'Who Wants Authority?' Ruskin as a Dissenter

By Birch, Dinah | Yearbook of English Studies, Annual 2006 | Go to article overview

'Who Wants Authority?' Ruskin as a Dissenter


Birch, Dinah, Yearbook of English Studies


This article explores John Ruskin's relations with cultural authority in terms of his religious history. Early evangelicalism and Romanticism, and an intense training in biblical interpretation, established a questioning and inward approach to knowledge that he never lost, though it was always supported by a deference to what he considered to be divine truth. The article argues that hostility to dogmatic Protestantism in his later years, and a more sympathetic understanding of Catholicism, did not erase this dissenting habit of thought, and that the fundamental literary paradigm of Ruskin's mature social polemic continues to be that of the sermon.

**********

'Who wants authority?' Ruskin put this question in 'Science in her Cells', a pamphlet published in 1885 as part of his serial textbook on botany, Proserpina (1875-86). His challenge reflects the deepening hostility towards the scientific establishment that characterizes his years as Oxford's Slade Professor of Fine Art (1869-85), a period in which he combined his work as an art historian with a polemical defiance of social and scientific progressive thought. Recommending that his readers should buy a copy of a French botanical reference book, Louis Figuier's Histoires des plantes (1865), he remarks:

The botanists, indeed, tell me proudly, 'Figuier is no authority.' But who wants authority? Is there nothing known yet about plants, then, which can be taught to a boy or girl, without referring them to an 'authority'? I, for my own part, care only to gather what Figuier can teach concerning things visible, to any boy or girl, who live within reach of a bramble hedge, or a hawthorn thicket, and can find authority enough for what they are told, in the sticks of them. If only he would, or could, tell us clearly that much; but like other doctors, though with better meaning than most, he has learned mainly to look at things with a microscope,--rarely with his eyes. (1)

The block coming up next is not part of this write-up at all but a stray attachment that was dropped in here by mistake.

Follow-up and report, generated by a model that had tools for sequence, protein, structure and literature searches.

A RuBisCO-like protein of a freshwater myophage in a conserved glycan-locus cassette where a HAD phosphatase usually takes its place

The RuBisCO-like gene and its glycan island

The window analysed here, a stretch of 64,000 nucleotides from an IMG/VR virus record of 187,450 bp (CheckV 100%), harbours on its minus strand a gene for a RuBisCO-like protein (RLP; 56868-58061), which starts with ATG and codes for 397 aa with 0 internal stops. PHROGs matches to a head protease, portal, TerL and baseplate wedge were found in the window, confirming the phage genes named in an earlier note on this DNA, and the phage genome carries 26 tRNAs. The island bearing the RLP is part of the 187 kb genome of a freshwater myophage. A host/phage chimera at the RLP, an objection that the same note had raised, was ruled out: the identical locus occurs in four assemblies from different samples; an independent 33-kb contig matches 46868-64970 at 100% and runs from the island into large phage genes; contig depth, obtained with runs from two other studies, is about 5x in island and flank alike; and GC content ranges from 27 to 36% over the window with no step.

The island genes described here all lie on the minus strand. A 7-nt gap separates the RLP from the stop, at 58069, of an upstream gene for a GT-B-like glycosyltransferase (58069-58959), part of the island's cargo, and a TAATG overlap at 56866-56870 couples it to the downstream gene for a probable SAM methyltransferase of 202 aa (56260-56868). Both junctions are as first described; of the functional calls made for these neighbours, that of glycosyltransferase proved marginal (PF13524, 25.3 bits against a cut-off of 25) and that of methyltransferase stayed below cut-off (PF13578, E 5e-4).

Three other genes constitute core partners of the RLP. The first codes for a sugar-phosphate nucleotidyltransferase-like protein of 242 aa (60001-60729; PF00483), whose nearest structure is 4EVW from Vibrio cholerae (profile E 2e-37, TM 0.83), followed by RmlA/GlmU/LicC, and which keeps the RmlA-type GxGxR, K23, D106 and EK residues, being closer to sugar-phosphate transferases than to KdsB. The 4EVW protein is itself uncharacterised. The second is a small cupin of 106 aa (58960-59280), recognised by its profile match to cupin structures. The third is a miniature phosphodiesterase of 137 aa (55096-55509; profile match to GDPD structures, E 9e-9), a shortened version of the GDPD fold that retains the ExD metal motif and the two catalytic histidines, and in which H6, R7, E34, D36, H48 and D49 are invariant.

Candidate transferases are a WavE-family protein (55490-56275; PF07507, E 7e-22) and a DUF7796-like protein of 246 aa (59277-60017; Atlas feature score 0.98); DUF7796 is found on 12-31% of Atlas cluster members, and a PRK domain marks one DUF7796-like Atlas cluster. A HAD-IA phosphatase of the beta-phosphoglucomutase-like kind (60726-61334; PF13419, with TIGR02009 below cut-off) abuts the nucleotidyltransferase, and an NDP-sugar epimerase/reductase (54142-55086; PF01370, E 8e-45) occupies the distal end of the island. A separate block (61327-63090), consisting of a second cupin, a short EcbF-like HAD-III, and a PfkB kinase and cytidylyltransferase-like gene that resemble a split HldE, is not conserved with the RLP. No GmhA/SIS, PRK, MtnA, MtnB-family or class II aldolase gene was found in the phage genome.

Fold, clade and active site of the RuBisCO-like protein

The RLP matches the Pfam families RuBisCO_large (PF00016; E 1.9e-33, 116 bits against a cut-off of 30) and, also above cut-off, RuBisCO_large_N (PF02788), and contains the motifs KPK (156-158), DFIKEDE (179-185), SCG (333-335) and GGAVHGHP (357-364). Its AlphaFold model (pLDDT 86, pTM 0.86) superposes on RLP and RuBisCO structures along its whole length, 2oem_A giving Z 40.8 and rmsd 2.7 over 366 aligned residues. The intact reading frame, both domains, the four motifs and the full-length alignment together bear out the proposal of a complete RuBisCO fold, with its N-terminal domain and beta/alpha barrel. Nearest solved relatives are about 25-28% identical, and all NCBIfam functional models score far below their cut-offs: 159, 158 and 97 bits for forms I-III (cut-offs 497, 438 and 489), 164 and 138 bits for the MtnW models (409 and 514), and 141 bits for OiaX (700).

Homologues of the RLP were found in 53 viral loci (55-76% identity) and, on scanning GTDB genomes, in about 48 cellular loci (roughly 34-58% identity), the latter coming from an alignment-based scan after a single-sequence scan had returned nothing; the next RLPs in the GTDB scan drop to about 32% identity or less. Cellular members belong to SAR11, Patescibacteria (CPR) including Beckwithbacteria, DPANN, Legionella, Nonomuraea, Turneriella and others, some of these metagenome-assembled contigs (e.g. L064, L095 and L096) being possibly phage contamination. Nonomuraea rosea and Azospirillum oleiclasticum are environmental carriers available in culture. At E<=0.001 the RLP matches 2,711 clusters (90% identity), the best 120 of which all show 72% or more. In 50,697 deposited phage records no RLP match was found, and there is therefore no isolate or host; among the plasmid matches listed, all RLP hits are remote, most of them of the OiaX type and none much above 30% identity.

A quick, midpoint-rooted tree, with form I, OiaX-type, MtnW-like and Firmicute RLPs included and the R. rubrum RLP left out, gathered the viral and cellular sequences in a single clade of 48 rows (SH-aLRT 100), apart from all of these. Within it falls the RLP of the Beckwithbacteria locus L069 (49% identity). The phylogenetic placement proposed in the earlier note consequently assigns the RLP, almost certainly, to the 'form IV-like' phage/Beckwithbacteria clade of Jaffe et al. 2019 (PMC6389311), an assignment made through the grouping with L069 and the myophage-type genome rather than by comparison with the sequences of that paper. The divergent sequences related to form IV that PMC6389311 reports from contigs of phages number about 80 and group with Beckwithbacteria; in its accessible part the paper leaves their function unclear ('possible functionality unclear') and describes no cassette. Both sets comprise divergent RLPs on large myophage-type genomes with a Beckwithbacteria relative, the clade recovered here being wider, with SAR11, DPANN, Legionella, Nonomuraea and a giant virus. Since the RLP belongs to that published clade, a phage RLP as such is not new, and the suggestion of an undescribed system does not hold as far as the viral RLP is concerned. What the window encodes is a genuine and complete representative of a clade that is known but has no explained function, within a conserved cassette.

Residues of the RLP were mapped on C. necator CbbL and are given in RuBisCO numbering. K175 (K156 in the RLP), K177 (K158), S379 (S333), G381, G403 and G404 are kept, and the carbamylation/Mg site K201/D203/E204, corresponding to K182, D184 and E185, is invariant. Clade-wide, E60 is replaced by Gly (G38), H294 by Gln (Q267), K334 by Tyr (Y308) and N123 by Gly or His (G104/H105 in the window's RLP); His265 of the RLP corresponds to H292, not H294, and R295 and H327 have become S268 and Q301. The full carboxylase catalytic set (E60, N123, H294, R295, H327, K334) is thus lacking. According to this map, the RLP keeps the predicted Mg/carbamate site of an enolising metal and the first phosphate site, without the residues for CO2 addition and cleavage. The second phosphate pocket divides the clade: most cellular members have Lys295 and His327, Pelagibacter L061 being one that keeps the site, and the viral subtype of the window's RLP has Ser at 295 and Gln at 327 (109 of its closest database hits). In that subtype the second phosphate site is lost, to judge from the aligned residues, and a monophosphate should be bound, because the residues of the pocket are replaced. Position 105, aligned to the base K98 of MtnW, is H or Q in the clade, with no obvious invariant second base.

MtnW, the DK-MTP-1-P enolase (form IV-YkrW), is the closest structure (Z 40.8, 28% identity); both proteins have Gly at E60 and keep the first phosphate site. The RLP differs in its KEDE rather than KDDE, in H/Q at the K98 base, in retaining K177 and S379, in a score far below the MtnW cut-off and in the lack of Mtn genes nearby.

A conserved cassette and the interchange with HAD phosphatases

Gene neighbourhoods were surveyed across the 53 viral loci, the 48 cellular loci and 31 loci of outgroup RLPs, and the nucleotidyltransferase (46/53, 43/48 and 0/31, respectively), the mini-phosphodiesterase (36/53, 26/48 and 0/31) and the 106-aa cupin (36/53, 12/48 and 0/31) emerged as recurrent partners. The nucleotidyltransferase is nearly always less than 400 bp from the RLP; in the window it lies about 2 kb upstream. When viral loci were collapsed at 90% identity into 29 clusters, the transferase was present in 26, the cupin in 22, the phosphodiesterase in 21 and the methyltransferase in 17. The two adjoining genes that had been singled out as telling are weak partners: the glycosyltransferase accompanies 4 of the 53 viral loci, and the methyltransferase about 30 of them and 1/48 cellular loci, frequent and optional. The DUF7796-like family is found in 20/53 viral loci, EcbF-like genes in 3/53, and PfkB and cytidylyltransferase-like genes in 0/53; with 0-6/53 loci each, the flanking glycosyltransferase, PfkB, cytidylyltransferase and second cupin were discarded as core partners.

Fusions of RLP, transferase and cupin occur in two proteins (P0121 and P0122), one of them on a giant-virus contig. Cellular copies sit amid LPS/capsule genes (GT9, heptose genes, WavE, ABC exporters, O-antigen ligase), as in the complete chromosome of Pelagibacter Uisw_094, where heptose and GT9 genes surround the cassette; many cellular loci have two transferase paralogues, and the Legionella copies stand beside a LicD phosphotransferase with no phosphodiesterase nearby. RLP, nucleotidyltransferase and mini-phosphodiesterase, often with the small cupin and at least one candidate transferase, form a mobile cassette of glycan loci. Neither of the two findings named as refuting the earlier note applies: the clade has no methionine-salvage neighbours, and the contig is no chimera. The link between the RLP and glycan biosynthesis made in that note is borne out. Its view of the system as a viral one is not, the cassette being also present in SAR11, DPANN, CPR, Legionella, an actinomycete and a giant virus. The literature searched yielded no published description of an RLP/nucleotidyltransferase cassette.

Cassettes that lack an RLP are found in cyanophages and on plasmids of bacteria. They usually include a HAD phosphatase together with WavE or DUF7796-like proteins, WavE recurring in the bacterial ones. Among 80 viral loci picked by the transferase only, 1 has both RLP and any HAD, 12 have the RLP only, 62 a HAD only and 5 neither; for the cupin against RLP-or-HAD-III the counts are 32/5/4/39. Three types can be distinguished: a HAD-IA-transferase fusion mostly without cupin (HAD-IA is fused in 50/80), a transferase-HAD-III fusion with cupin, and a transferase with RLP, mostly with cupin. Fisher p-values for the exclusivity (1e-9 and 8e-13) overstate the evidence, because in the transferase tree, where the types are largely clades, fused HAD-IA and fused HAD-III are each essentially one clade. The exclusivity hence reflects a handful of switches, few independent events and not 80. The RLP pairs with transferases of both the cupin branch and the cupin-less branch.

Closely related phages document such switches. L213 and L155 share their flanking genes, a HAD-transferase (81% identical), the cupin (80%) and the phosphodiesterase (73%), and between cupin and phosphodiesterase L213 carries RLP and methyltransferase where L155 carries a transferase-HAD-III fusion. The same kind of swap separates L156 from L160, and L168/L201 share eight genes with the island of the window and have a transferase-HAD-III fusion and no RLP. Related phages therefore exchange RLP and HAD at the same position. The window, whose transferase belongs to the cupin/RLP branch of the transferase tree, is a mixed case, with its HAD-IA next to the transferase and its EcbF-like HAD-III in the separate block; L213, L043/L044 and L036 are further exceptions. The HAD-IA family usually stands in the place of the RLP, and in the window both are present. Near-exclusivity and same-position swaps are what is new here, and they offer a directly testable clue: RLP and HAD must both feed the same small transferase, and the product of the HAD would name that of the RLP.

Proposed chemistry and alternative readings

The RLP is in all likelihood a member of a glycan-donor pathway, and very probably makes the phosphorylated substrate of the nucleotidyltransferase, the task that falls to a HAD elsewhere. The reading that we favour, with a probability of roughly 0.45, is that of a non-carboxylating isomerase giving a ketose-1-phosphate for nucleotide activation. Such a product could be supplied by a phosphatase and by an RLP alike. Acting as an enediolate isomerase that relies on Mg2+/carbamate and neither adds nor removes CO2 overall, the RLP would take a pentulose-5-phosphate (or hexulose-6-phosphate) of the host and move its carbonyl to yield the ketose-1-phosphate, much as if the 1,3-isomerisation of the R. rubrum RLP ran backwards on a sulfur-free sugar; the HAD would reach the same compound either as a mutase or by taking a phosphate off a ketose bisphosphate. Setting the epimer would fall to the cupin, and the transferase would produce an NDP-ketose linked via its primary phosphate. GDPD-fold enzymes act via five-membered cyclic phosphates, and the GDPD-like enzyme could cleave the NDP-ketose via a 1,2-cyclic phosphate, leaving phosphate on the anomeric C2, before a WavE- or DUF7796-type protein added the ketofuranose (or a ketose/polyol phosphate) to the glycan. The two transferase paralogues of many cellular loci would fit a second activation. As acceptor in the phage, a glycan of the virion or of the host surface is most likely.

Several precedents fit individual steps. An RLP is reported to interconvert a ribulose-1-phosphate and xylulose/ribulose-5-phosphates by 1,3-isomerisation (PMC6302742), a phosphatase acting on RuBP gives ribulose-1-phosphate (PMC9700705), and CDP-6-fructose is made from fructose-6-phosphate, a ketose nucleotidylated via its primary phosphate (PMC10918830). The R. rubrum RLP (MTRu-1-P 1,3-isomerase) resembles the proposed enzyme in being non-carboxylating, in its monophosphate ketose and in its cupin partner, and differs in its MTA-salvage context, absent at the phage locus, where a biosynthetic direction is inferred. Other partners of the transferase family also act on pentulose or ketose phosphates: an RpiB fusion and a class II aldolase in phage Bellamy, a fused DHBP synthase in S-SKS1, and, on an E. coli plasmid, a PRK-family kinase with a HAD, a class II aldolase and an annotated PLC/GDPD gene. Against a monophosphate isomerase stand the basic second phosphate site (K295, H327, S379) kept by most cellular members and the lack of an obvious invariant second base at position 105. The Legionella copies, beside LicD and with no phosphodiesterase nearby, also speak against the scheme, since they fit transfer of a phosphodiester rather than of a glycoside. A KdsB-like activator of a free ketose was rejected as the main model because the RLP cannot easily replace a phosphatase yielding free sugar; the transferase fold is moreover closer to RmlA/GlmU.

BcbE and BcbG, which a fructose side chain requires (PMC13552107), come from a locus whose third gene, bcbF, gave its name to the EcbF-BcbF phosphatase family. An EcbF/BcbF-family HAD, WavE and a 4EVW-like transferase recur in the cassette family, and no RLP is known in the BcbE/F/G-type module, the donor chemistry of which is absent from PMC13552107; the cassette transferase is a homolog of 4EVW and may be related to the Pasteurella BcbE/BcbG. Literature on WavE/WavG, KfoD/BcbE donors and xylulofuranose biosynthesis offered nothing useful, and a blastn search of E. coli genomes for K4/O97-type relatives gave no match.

This is characteristic of Ruskin's writing on natural history in the 1870s and 1880s--belligerent, personal, sceptical of the prestige of professionalized science. But it is not just an old man's fit of temper. The pedagogic values of Proserpina are those that direct Ruskin's work throughout his long writing life. The emphasis on learning from 'things visible'--what can be seen of the material world, and what can be seen with human eyes, without artificial help--runs throughout his criticism. Equally consistent is his claim that the learning that matters most is not gained from the exceptional or dramatic or spectacular, but from everyday experience, available to all: 'a bramble hedge, or a hawthorn thicket'. Contempt for the botanists who 'proudly' condemn Figuier as being 'no authority' also reflects a long-standing principle in Ruskin's work. In the second volume of The Stones of Venice (1853), thirty-four years before he published those remarks on Figuier, he wrote about what he called 'The Pride of Science'. There he makes it clear that he approaches these questions in moral terms. Not only organized knowledge or modern science, but all knowledge, is defined as a danger. In the characteristically provocative terms of The Stones of Venice, Ruskin claims that knowledge might become the foundation of pride, the first of sins. He notes that 'Of knowledge in general, and without qualification, it is said by the Apostle that "it puffeth up"; and the father of all modern science, writing directly in its praise, yet asserts this danger even in more absolute terms, calling it a "venomousness" in the very nature of knowledge itself.' (2) Though this is a startling moment, given Ruskin's constant commitment to learning, it is also a characteristic one. He persistently argues that the authority of science, knowledge, and scholarship has no value if it is not felt and lived by its possessor. 'Be assured,' he tells us, 'there is no part of the furniture of a man's mind which he has a right to exult in, but that which he has hewn and fashioned for himself' (XI, 72). …